Among the sayings of Pythagoras, one is, be simply thyself: Reduce ty conduct to one single aim, by bringing every pafion into subjection, and acquiring that general habit of self-denial, which comprehends temperance, moderation, patience, government, and is the main principle of wisdom. Be fimply thyself,
In answer to this, I replied, that I if had got her letter sooner, I would have been with her. long before : but that was not possible, as I had been at a little lodge and farm of mine in the northern extremity of Westmoreland, to settle things there, and re
and so carb desire, and restrain the inclinations, and controul the affections, that you may be always able to move the passions as reasons fhall direct. Let not every foremost fancy, or every forward appearance, have the least mastery over you; but view them on every fide by the clear light of reason, and be no further influenced by the imaginations of pleasure, ar.d apprehenfions of evil, than as the obvious relations and nature of things allow. Let the result of a perception, which every rational mind may have of the essential difference between good and evil, be the caufe or ground of obligation. This will add greatly to quiet, and be productive of much real felicity. It will render every present condition supportable, brighten every prospect, and always ineline us more to hope than to fear. This is the doctrine of Pythagoras.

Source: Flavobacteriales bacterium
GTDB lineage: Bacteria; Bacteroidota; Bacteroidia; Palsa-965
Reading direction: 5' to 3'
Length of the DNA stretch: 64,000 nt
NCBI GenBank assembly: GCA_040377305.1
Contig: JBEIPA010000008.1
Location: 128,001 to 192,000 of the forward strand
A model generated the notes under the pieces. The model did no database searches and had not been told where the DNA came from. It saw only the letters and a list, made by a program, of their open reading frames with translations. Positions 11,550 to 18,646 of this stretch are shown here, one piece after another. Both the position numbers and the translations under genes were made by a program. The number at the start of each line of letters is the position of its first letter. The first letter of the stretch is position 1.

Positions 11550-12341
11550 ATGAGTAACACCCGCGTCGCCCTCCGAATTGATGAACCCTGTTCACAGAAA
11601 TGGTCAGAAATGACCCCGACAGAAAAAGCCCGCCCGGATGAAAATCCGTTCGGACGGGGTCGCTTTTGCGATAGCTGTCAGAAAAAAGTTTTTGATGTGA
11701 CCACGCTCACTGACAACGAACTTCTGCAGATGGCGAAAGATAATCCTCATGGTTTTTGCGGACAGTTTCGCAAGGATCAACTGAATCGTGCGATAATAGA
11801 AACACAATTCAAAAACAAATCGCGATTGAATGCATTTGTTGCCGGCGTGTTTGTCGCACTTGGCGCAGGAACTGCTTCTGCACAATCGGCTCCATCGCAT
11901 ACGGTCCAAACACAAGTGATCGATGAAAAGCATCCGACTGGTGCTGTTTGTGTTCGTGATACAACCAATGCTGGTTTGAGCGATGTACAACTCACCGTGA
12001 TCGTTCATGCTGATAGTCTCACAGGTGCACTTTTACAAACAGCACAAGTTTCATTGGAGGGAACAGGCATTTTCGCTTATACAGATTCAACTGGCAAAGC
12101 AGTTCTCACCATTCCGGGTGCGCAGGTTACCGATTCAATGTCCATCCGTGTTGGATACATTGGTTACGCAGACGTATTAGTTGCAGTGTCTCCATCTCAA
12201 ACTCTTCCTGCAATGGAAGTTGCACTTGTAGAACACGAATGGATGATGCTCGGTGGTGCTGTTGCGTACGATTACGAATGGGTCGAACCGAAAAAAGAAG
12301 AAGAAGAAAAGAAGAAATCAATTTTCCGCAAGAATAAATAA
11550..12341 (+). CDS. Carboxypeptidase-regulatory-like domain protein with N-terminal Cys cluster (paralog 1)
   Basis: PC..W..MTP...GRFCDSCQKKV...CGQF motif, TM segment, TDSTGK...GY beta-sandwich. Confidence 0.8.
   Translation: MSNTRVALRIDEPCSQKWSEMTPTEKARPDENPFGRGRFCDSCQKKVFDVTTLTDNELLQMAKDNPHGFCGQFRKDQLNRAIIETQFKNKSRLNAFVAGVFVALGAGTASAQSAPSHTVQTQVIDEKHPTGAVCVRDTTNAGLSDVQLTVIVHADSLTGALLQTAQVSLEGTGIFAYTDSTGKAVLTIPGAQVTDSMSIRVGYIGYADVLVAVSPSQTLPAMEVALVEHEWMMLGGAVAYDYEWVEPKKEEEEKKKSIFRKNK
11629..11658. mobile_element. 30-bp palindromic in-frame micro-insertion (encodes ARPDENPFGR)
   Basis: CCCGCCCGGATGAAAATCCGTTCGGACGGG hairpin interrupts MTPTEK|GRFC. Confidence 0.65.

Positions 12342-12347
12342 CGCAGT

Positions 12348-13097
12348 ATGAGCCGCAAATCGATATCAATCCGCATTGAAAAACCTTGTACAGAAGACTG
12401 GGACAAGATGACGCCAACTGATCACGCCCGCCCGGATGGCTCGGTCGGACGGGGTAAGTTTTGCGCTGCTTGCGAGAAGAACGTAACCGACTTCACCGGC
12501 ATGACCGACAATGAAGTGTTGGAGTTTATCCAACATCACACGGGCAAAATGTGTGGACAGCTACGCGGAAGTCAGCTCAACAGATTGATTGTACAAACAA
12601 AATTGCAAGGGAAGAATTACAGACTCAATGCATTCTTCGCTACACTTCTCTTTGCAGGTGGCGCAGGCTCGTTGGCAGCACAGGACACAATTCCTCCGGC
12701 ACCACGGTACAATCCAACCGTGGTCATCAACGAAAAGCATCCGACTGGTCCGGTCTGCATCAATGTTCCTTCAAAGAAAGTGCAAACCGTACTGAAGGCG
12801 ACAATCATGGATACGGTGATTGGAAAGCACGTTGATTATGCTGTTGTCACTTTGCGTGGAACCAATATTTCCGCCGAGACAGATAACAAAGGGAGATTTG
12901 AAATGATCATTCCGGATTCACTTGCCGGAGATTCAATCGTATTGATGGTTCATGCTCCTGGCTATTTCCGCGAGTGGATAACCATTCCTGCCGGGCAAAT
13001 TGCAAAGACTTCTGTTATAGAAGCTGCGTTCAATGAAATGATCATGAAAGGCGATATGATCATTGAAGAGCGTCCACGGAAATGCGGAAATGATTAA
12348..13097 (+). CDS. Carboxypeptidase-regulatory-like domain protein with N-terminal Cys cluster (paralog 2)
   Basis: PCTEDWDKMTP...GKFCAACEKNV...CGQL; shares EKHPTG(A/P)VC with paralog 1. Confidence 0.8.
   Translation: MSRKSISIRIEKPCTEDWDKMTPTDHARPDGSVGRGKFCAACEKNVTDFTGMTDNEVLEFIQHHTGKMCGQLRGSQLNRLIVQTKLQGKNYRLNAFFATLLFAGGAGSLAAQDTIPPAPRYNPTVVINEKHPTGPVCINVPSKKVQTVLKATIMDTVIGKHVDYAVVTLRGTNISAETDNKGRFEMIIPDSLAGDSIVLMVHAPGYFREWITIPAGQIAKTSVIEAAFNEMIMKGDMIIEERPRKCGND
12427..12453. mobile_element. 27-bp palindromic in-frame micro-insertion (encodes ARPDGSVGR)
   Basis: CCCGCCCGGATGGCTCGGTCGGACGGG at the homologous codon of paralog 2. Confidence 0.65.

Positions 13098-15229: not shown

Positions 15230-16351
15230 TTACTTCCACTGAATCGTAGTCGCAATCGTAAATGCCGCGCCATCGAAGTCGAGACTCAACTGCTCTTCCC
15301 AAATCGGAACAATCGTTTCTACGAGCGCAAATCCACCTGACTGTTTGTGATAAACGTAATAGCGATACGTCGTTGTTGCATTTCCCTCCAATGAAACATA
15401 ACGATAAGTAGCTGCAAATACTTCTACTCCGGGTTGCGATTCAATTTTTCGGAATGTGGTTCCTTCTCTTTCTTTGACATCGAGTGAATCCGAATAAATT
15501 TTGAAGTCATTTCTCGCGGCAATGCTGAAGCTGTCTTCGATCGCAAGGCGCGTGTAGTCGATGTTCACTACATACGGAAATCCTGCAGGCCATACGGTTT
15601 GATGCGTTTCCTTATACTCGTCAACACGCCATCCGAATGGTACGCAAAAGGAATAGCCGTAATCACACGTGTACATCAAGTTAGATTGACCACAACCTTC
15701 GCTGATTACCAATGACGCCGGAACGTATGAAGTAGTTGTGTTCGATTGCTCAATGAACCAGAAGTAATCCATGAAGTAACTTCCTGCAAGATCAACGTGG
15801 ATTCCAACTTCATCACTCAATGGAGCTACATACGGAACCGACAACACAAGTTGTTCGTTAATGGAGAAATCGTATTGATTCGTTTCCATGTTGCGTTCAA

I likewise find that David expresses the same thought in the 86th Psalm, ver. 11. which is rendered in the Bible translation, Unite my heart to fear thy name ;- in the Common-Prayer Book, O knit my beart unto thee, that I may fear thy name : but the Hebrew is,
beari one, to fear thy name;" meaning, Let the fear of thee be the one ruling dispofition of my foul, in opposition to the double-minded man, which the Hebrew elegantly expresses by a heart and a heart; one that draws to the riches, plea
turned to Harrogate but yesterday, when I had the honour of receiving your letter, and upon reading it, set out at day-break this morning to kiss your hand, and execute any commands.
sures, and honours of this world; and another to the practice of all virtue.
As to the other part of the prayer, which has the words-glorious- fearful-Jehovah;—whereas in the 86th Píalm it is only faid" to fear thy name ;” the author certainly took them from the 28th chapter of Deuteronomy, ver. 38. The design of the dreadful threatnings in this chapter set before the people, is there thus expressed,
that thou mayest fear this glorious and fearful name JEHOVAH THY GOD; (in our translation, the Lord thy God.) And therefore I think these words are very finely used in this prayer.
“ It is amazing to me (says the Rector of St. Mabyn,) that throughout the Bible, the translators have every where changed the word Jehovah for the word Lord, when God himself gave the word Jehovah as his name to be uttered ; and as in this word the whole mystery of the Jewish and Christian dispensations seem to have been wrapped up.
Say to the people, Ami Jehovah. I am Jebovah. re shall know that I Jehovah am your God, which bringeth you out from under the burdens of the Egyptians. Exod. vi. 6, 7. And Deut. vi. 4. Hear, o Ifrael, Jehovah our God is one Jehovah.
Then as to this word's comprehending the two difpensations, a good writer obferves that, though God was known to his true worshippers by many other names, as God Almighty, the High God, the Everlasting God, &c. yet Jehovah was his one peculiar le;